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Horse flu inquiry has AQIS in its sights -

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Horse flu inquiry has AQIS in its sights

The World Today - Thursday, 12 June , 2008 12:19:35

Reporter: Sara Everingham

EMMA ALBERICI: It brought the racing industry to a halt and cost billions of dollars.

This afternoon the report by the former High Court judge Ian Callinan into last year's outbreak of
equine influenza will be released.

It's expected the report will blame the crisis on a breakdown in processes at the Australian
Quarantine and Inspection Service.

Sara Everingham reports.

SARA EVERINGHAM: The racing industry knows only too well what happened on that day in August last
year. Today it hopes to know how it happened, when the report done by former High Court judge Ian
Callinan is tabled in the Senate.

It's expected Justice Callinan's report will criticise the way imported horses were handled by the
Australian Quarantine and Inspection Service, particularly when they arrived at Sydney's Eastern
Creek Quarantine Station.

Anthony Cummings is the president of the New South Wales Trainers' Association and has worked at
Sydney's Randwick racecourse for the past three decades. He's not surprised the report points the
finger at Eastern Creek.

ANTHONY CUMMINGS: The strain that broke out here was only available elsewhere in the world in Japan
and that's where these stallions that were in AQIS came from, so you didn't have to be Einstein to
work out that it did come from Japan via the Eastern Creek facility.

SARA EVERINGHAM: He says the horse flu virus had a devastating impact, crippling the industry. He
says the Federal Government's compensation package released during the outbreak did help, but only
a few. And he says more may be needed, particularly now that the breakdown in the system has been
determined.

ANTHONY CUMMINGS: There's certainly potential for that, you know there were some businesses, some
breeding businesses around Australia that did go to the wall and those people would obviously have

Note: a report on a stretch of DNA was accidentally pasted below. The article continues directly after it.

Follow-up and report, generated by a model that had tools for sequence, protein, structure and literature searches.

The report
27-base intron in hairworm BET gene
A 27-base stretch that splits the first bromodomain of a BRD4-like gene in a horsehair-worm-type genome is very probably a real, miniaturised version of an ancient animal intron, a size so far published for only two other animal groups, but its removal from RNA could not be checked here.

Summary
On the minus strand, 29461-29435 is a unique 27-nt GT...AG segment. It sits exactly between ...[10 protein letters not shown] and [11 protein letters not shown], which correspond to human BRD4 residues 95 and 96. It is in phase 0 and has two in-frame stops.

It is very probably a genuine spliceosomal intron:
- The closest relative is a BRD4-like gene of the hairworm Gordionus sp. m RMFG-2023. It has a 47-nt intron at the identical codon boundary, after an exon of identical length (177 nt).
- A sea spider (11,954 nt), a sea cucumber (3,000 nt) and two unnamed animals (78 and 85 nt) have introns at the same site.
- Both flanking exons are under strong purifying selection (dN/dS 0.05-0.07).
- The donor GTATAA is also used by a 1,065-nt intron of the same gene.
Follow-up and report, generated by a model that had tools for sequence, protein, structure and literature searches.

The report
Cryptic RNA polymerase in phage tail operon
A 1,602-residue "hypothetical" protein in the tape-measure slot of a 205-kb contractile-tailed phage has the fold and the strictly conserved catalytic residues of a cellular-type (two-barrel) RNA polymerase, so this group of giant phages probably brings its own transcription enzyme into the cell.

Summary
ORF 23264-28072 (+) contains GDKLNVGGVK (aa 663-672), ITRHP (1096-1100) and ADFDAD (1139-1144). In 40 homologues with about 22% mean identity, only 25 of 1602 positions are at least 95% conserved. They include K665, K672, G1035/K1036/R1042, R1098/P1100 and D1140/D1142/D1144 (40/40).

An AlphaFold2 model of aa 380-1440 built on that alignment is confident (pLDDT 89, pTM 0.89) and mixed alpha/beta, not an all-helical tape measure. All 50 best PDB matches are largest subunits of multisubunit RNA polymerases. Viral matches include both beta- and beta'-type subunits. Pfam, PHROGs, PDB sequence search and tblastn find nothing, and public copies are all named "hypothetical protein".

claims, you know, that would need to be looked at.

I think most of the trainers as I say were probably adequately looked after, but once again, there
would always be individual cases of hardship that were brought about directly by the outbreak of
influenza in Australia.

SARA EVERINGHAM: Bob Frappell is the president of the Queensland Thoroughbred Breeders Association.
He says his organisation has passed a motion to join a class action on the outbreak.

BOB FRAPPELL: We want to be very careful we don't put in an ambit ridiculous claim that's got no
credibility. The main thing is that when we go to this Government and say we need some help, we're
serious, we mean what we say and we have a chance of getting it because if there's any fairness in
the procedure I don't think we'll have to push the Government very hard.

Peter V'Landys, the CEO of Racing New South Wales, wants the Federal Government to immediately
implement the recommendations made by Ian Callinan to make sure there are no future outbreaks of
equine influenza.

PETER V'LANDYS: We're also looking for an ongoing vaccination program just in case the quarantine
system fails again. It's cost us billions of dollars. The industry wouldn't financially survive
another crisis like this. We just want to be sure and guaranteed that the industry doesn't suffer
to the level it did last year.

SARA EVERINGHAM: But he's worried the Federal Government is planning to ban the importation of the
horse flu vaccine at the end of the month.

It's a decision Anthony Cummings from the New South Wales Trainers' Association wants reversed.

ANTHONY CUMMINGS: The veterinary officers around Australia are voting to say that we don't
inoculate against equine influenza. They've got some sort of purist idea that because we're an
island it will never happen again. Well they said it wouldn't happen the first time, it's happened.

The history of it is that it does repeat. Every country that has had one outbreak has had at least
two or three coming within a short space after, and yet the authorities here are still blindly
going forward with some nirvana about it not happening again.

SARA EVERINGHAM: But the industry has been given a reprieve of sorts. Earlier this week the Federal
Agriculture Minister Tony Burke said the Federal Government would foot the $100-million bill for
controlling the horse flu outbreak. But he says he won't be surprised if there are claims of
compensation from the industry.

TONY BURKE: One of the industry players said to me some months ago, he said to me, "Tony we're
punters and we reckon this one might not be a bad bet". And made clear that regardless of what was
in the report there would be some legal action that would follow, so I've got no doubt that those
issues will end up being settled in the courts.

SARA EVERINGHAM: The Australian Quarantine and Inspection Service says it will wait until the
report has been released before making any comment.

EMMA ALBERICI: Sara Everingham.